Foreign Lands, by Robert Louis Stevenson


Here is a poem from Robert Louis Stevenson‘s Child’s Garden of Verses.

Foreign Lands

Up into the cherry tree
Who should climb but little me?
I held the trunk with both my hands
And looked abroad on foreign lands.

I saw the next-door garden lie,
Adorned with flowers, before my eye,
And many pleasant places more
That I had never seen before.

I saw the dimpling river pass
And be the sky’s blue looking-glass;
The dusty roads go up and down
With people tramping in to town.

If I could find a higher tree
Farther and farther I should see,
To where the grown-up river slips
Into the sea among the ships,

To where the roads on either hand
Lead onward into fairy land,
Where all the children dine at five,
And all the playthings come alive.


This illustration by Jessie Wilcox Smith is from the 1905 edition.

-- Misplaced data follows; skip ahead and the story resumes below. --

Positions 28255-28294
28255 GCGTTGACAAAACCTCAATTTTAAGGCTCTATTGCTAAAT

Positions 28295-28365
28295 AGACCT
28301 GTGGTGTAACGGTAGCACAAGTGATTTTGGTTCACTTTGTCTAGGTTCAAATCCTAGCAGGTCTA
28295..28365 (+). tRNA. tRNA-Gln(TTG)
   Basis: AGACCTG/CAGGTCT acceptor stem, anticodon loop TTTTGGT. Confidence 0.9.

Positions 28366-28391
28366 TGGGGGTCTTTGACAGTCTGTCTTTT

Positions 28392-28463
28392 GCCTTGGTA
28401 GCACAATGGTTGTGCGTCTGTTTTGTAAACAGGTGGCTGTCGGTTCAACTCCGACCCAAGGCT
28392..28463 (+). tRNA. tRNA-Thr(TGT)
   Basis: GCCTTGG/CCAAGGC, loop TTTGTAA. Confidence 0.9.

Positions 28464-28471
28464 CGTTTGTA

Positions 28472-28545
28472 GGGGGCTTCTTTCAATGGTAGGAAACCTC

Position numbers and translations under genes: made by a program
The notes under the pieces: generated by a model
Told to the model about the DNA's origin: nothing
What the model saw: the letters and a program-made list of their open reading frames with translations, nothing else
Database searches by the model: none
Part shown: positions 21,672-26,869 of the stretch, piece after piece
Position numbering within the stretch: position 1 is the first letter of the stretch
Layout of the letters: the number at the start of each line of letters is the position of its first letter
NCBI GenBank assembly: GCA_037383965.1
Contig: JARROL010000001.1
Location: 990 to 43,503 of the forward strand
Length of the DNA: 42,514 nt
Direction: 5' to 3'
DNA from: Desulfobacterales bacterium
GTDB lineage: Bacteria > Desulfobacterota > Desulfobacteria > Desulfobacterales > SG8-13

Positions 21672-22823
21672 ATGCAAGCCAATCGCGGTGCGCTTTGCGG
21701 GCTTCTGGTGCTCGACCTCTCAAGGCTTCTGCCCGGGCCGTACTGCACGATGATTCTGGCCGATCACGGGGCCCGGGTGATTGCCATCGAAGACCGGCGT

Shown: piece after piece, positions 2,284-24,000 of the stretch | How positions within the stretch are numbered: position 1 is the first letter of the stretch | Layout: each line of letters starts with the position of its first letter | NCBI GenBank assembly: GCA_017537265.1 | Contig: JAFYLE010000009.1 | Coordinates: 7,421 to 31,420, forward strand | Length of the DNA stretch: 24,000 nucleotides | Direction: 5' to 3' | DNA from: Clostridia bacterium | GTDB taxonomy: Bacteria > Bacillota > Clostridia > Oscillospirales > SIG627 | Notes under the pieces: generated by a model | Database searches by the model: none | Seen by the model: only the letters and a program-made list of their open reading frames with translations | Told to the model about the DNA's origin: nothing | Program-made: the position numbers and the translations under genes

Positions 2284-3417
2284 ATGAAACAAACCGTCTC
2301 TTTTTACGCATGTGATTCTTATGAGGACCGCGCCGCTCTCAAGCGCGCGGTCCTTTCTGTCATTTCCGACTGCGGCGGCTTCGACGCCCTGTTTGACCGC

And here is audio of the poem read for Librivox by Chris Chapman.

More poetry

~ by lolarusa on January 16, 2009.

4 Responses to “Foreign Lands, by Robert Louis Stevenson”

  1. THE LAMPS now glitter down the street;
    Faintly sound the falling feet;
    And the blue even slowly falls
    About the garden trees and walls….

    Best regards, Dan,

  2. Ah! my Beloved, fill the Cup that clears
    To-day of past Regrets and future Fears
    To-morrow?–Why, To-morrow I may be
    Myself with Yesterday’s Sev’n Thousand Years.

    best wishes

  3. I placed you on “my favourite sites”, do you mind? I would ask, but I thought that I can delete if there is any anger.
    Best regards, Dan.

  4. …an old treasure unearthed and set out for others to find…thank you.

Leave a Reply

Fill in your details below or click an icon to log in: Logo

You are commenting using your account. Log Out /  Change )

Twitter picture

You are commenting using your Twitter account. Log Out /  Change )

Facebook photo

You are commenting using your Facebook account. Log Out /  Change )

Connecting to %s

%d bloggers like this: